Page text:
It turns out that facial recognition neural networks can be trained to accurately recognize pain!The researchers were doubtless thinking of clinical medical applications — doctors are bad at objectively evaluating patients' expressions of pain and patients often don't self-evaluate effectively — but just think how much use this technology might be to a regime bent of using torture as a tool of social repression (like, oh, Egypt or Syria today).
These findings throw into stark relief the question of how counter-terrorism and wider security functions of governments in at-risk environments conduct themselves with regard to human rights and due process.
State security-actor conduct is revealed as a prominent accelerator of recruitment, rather than the reverse." In fact, the best defenses against generating recruits for extremist organizations seemed to be things like reduced social and eonomic exclusion (poverty), improved education, having a family background (peer pressure), and . (Not the CIA and USAF with their typical "oops" response whenever a drone blows up a wedding party they've mistaken for Al Qaida Central.) So, let me put some stuff together.
The idea of a transformative trigger that pushes individuals decisively from the 'at-risk' category to actually taking the step of joining is substantiated by the Journey to Extremism data.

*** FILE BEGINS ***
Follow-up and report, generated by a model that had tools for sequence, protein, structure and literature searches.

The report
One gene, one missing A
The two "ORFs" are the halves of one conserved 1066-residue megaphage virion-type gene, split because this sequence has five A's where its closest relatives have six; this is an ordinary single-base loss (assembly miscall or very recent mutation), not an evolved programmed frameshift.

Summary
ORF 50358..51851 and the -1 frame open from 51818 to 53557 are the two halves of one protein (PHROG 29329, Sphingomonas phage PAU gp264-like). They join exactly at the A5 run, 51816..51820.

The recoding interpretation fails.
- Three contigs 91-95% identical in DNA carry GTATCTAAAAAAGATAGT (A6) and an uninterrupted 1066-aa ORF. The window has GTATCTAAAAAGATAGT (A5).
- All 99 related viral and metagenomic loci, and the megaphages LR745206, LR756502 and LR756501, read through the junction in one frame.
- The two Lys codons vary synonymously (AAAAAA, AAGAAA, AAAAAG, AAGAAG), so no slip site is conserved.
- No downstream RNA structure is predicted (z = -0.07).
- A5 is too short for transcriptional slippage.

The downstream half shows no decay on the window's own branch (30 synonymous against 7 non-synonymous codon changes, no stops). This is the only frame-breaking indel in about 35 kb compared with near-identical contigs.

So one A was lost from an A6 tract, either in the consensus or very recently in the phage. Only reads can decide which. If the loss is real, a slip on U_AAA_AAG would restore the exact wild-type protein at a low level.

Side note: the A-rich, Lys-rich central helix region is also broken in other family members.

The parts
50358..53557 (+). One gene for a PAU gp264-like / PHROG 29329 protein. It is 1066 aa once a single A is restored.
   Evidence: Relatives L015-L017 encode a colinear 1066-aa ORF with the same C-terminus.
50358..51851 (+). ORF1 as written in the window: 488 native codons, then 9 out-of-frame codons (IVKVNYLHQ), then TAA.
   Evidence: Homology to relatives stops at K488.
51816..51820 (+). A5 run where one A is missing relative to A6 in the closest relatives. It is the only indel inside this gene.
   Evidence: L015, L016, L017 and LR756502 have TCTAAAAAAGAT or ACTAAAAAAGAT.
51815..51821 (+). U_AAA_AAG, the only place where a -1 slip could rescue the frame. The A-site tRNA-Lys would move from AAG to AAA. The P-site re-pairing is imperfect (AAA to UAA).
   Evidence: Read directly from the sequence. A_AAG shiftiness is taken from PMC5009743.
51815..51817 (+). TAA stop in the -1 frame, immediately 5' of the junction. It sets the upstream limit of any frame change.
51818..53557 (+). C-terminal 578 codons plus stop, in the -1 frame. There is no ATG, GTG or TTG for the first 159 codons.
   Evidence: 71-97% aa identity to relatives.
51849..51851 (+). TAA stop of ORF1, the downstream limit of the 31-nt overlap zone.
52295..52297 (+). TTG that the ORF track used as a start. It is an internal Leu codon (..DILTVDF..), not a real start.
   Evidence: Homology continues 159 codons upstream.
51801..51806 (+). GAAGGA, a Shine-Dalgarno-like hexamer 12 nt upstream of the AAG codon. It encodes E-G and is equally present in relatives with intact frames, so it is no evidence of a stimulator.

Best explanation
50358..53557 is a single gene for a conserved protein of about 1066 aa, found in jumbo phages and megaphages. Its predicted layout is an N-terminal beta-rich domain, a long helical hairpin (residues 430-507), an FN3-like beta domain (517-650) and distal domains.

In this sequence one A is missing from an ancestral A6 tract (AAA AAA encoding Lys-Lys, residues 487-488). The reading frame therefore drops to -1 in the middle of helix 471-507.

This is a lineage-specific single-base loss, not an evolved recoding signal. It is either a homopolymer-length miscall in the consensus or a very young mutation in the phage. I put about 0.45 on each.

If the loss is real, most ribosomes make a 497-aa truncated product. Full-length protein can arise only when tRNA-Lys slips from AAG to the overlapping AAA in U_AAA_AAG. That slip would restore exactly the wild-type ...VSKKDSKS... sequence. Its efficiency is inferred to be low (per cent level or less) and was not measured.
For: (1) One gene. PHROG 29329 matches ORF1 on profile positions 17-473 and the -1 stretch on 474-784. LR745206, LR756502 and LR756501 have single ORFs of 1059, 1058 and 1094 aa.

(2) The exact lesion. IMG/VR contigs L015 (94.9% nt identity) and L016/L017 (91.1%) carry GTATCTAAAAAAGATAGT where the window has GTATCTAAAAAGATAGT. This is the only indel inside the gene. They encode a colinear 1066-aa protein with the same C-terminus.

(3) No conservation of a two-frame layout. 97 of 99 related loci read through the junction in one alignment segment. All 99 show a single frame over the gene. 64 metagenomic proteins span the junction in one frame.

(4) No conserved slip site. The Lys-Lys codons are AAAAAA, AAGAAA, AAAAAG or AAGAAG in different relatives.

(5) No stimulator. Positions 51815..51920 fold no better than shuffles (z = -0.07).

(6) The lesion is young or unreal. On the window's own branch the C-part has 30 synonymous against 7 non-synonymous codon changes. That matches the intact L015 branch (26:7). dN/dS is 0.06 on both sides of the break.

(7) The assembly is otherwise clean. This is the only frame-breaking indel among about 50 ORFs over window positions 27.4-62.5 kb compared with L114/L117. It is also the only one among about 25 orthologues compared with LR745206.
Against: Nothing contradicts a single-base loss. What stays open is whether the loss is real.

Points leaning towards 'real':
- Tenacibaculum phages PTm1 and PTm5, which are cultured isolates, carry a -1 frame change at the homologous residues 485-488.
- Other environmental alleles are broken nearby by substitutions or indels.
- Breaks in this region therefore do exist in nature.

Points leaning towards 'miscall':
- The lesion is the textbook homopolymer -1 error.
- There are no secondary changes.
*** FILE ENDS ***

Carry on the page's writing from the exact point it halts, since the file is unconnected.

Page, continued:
A striking 71 percent pointed to 'government action', including 'killing of a family member or friend' or 'arrest of a family member or friend', as the incident that prompted them to join.
Firstly, the Gerasimov Doctrine which appears to shape Russian infowar practices against the west.
We've seen glaring evidence of Russian tampering in the recent US presidential election, including bulk buying of micro-targeted facebook ads, not focussing on particular candidates but on party-affiliated hot-button issues such as race, gay rights, gun control, and immigration.
We're living in a period where everything we do in public can be observed, recorded, and will in future provide the grist for deductive mills deployed by the authorities.
(Hideous tools of data-driven repression are emerging almost daily without much notice, whether through malice or because they have socially useful applications and the developers are blind to the potential for abuse.) Foreign state-level actors and non-state groupings (such as the new fascist international and its hive of internet-connected insurgents) are now able to use data mining techniques to target individuals with opinions likely to appeal to their prejudices and inflame them into activism. Transparency that runs up as well as down the personal-institutional scale.
And some of the potential applications of neural network driven deep learning and machine vision are really hair-raising.
We've all seen video of mass demonstrations over the past year.
And this has created a battlefield where indirect stealth attacks on elections have become routine to the point where savvy campaigns pre-emptively place bait for hackers. The United Nations Development Program recently released a report, Journey to extremism in Africa: drivers, incentives and the tipping point for recruitment that pointed out the deficiencies in the Emperor's wardrobe with respect to security services.